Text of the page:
Clean energy consumption with electric vehicles. No emissions.

  6. Antius on Wed, 28th Dec 2016 9:19 pm 

    Cloggie, here a link to the Wikipedia page on the Dinorwig pumped storage plant in North Wales. It was finished in 1984 at a cost of £425 million. Not sure what it would cost to repeat the project in today’s money, but it could hardly be described as an easy or cheap project and with large scale renewable penetration the UK would need a hundred of them.

    The page also makes mention of a smaller project capable of storing 500MWh for a capital cost of £50 million. 500MWh is about 45 seconds of UK baseload electricity consumption. Imagine what we would need to build to store 1 week of excess energy. I do not see how it could be done without fossil fuel back up.

  7. Davy on Thu, 29th Dec 2016 4:51 am 

    I am doubtful of pump storage at the scale needed for an energy transition. Batteries are a narrower niche considering cost and resources needed. At lower levels of scale pump storage is a promising area for niche transition. Sweet spots should be exploited and important niches occupied. Yet, this will leave so many areas unsupportable because of economics. I doubt the world can afford to deliver alternative energy to the masses like air travel and cars. Some grids might have a large contribution especially in areas with comparative advantage, social acceptance, and economic ability. Northern Europe is a quick example. I don’t see enough areas like northern Europe to run a world like we have today not even close. If the world is in a demand destruction paradigm because of macro stagflation there will likely never be the activity needed to achieve economies of scale where alternatives permeate our lives and drive economic production.

    We can do so much more with end users by having panels at homes and businesses for important functions. Lighting is a great area to focus on even though batteries are needed. Emergency and vital services are a great area to introduce alternatives. Our water works should be heavily alternative based. Vital Communications should be alternative supported with power and backup. In agriculture we need to be replacing fossil fuels with alternatives. Let’s dry grain with solar. Grain silos need fans and sometimes heat. Irrigation is a great area that should be alternative based. While I am doubtful of alternatives and transport as a game changer I do believe some areas can see significant penetration. Mass transit is a great area.

    What are some other niches to occupy? Human nature is one. Is it possible to get people in some locals to adapt to intermittent power supply? What would that mean? How focused and motivated can we get citizens as consumers and businesses to adapt to intermittency? I have many doubts about this making a big difference because people are lazy and anchored in their ways. I mention this because if we go into a process that is a collapse spiral we may need to adapt to alternative sources with reduced fossil fuel support. To extend this resource and fully utilize it we would need to adapt to this availability scenario. We need to research this at a minimum.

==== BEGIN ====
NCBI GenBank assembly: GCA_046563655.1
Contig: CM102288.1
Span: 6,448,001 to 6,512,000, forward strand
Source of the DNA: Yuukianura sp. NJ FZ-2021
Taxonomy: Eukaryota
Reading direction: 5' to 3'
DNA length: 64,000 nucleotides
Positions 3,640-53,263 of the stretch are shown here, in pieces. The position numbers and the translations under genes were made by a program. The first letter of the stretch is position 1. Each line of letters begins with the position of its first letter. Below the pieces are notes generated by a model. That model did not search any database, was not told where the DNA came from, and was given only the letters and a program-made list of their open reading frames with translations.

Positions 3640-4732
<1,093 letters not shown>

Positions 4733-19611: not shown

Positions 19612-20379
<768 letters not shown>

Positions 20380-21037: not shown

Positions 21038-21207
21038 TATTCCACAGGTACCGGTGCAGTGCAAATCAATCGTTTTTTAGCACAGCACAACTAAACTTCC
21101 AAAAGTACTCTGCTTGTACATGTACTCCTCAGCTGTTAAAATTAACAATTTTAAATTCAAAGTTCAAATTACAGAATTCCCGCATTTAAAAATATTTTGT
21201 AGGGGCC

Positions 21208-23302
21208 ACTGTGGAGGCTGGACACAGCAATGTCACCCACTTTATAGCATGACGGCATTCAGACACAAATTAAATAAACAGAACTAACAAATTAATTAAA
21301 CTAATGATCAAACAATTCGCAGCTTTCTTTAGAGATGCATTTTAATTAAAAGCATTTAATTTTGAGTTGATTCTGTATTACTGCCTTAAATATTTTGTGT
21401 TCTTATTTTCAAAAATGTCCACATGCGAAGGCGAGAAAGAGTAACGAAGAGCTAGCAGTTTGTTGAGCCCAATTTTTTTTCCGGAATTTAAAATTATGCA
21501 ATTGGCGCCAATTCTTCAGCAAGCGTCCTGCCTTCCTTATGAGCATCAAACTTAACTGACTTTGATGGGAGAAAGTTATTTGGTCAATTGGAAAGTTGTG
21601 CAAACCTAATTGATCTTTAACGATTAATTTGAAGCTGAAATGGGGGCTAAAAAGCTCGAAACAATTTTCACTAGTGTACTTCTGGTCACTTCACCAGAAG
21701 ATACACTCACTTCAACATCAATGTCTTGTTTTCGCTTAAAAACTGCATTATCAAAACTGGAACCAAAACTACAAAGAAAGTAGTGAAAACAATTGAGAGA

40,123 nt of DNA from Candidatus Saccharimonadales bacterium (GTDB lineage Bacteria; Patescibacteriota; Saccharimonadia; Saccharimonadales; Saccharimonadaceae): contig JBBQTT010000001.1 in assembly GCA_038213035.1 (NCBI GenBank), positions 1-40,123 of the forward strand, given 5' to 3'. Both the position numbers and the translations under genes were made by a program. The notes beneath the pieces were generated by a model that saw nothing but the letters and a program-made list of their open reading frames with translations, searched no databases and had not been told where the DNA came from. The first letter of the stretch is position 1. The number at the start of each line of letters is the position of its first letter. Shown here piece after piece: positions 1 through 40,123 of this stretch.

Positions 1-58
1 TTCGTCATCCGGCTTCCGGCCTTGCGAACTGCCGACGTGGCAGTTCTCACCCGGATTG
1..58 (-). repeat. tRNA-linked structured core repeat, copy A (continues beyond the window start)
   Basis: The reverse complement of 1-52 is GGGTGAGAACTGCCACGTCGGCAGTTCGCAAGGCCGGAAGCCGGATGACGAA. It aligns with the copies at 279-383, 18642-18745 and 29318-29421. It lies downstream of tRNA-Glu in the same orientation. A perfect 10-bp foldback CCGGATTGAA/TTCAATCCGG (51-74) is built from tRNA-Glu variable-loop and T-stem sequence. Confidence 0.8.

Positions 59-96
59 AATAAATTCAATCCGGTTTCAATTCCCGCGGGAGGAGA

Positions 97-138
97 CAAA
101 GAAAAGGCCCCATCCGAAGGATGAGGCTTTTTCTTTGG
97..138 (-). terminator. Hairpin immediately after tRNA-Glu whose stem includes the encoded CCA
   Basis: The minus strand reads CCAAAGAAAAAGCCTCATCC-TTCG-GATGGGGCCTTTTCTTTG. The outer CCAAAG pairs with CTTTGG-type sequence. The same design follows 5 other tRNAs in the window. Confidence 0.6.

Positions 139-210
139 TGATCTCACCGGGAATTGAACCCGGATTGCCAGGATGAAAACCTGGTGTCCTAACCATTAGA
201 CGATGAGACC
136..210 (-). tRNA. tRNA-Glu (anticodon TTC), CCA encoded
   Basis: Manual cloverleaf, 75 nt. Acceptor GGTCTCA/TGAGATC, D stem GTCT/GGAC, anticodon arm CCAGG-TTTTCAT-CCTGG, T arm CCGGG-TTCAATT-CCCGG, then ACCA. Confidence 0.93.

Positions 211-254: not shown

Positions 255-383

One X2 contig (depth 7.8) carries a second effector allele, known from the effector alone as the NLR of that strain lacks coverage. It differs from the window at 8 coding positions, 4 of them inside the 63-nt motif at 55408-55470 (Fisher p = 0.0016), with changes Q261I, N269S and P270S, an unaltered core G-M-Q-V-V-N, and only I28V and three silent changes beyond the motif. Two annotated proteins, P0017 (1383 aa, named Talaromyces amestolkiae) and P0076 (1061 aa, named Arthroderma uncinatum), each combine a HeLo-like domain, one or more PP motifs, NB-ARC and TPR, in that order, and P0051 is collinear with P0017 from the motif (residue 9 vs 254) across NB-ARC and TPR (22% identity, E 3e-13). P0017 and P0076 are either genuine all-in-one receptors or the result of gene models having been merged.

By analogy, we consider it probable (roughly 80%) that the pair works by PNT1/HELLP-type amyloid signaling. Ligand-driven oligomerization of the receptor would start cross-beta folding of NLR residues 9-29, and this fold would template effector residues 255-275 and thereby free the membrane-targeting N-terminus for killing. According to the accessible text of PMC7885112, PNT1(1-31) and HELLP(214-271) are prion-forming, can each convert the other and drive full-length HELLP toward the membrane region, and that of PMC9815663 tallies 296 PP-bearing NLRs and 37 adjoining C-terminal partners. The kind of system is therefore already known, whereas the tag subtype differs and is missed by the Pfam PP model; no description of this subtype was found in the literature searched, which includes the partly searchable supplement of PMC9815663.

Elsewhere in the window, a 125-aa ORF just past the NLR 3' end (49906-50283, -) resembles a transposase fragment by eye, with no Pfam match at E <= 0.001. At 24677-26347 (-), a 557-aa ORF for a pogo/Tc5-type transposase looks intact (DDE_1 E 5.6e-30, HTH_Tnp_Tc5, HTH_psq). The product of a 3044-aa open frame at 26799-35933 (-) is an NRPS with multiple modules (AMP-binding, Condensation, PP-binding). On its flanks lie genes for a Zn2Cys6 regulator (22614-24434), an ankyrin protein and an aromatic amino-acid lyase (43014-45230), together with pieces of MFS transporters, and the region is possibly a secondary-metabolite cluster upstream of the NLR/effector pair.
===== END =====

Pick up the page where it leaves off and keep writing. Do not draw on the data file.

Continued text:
There are so many mal-investment man is making today globally in so many locations. Mal-investment in activities that do not revolve around longer term survival. We are spending money on lifestyles that are discretionary and not vital. Unfortunately our civilization has adapted to discretionary activity making it a vital force in our economies of scale. We have some economic hanging fruit to draw from these areas but not much. We are in or near a demand destructive environment now creating systematic dangers to global economics. Large changes requiring ending activates and changing lifestyles that have consequences. For example if you penalize mass leisure in some way to free up resources for energy transition this will have economic consequences. The pie is shrinking so we are going to have to move priorities around not create new ones. Some of the negative consequences can be made up by the activity of transition itself but not all. Once the transition is complete that increased activity stops. You can’t expect all of that lost activity to be made up or new activity generated. Economic loss through transition could be very dangerous. Economies of scale and velocity of economic activity are vital for transition but transition efforts are dangerously exposed to the negative consequences of it. When you start pushing the envelope of scale the effects magnify from limits and diminishing returns. This is a mirror of our modern civilization.

    I have doubt because of the scale and the negative consequences of large scale transition. We still have the old civilization to maintain and support. It all seems too much considering we are a mess now with social priorities and beset with problems beyond our abilities. Let’s be realistic with alternatives and hope over time they can make us more able to withstand decline. They can offer us another area for economic growth. They can buy us time and in that respect I have optimism. Taking the dynamics of alternative further is hubris and fantasy. It reminds me of space travel talk. It may end up being more mal-investment at a time when every dollar is critical to get invested properly because we are facing an existential storm of survival.